From this point on, we made our way toward the CT river. And we followed it pretty closely up into NH. We had planned a longer break in Amherst, but found we were a wee bit behind schedule, and while the time pressure wasn't great, we couldn't spend 2 hours napping there. Once we left Amherst, Max pulled out his maps and decided to have some fun, as he picked a first dirt roads and at least one closed bridge. We had a great time lifting the three bikes over the gates at each end, and realised Chip's bike weighed almost as much as the tandem!
The sun was out at this stage, and it was even feeling warm. We slowly navigated a series of tiny backroads into Brattleboro, where we stopped at the co-op and had cold drinks. We then began making our way back down the west side of the river with a goal of having dinner in Northhampton, and checking in there for our 2 hour to go control. Chip's digestive system was starting to rebel and considered joining his knees to go out on strike, but we joined forces and took it easy the remaining miles into Westfield.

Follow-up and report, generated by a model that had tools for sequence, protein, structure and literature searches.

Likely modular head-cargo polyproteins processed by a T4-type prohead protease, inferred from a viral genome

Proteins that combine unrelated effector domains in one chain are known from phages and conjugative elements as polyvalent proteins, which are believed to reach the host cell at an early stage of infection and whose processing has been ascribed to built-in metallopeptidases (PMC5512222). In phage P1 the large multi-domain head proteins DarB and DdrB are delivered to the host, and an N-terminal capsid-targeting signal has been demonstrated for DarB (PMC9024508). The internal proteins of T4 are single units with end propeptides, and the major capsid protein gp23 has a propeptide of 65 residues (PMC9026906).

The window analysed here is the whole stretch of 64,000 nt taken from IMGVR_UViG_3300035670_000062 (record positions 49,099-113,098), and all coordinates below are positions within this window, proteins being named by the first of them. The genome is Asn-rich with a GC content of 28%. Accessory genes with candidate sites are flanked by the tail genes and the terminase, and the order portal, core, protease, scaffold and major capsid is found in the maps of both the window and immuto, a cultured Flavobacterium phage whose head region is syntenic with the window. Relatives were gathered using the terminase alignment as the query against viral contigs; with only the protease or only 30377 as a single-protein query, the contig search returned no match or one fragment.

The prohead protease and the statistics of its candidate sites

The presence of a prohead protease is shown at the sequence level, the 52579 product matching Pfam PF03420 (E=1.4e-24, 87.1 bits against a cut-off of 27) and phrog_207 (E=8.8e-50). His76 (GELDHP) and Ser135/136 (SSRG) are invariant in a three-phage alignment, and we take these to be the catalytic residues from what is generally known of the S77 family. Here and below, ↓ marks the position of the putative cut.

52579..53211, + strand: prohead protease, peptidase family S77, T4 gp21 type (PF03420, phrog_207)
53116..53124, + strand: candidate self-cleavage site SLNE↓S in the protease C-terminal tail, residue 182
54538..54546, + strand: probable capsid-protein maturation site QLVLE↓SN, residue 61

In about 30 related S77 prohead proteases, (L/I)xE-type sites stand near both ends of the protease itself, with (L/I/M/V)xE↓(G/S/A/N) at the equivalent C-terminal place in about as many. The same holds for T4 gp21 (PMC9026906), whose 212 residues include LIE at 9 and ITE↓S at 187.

After a well earned 8 hours of sleep, we met up with other Fleche riders for brunch and war stories. Then we loaded the bikes up and road back to Boston. It was an amazing weekend. The weather deteriorated afterwards, and for the next month it was cold an rainy. We felt very lucky with the lovely clear weather we had. We also felt very smart in our route choice. This early in the season, we felt there was little need to do an outrageously difficult route, but we did still manage a challenging and beautiful one, and I hope to reuse large parts of it next year!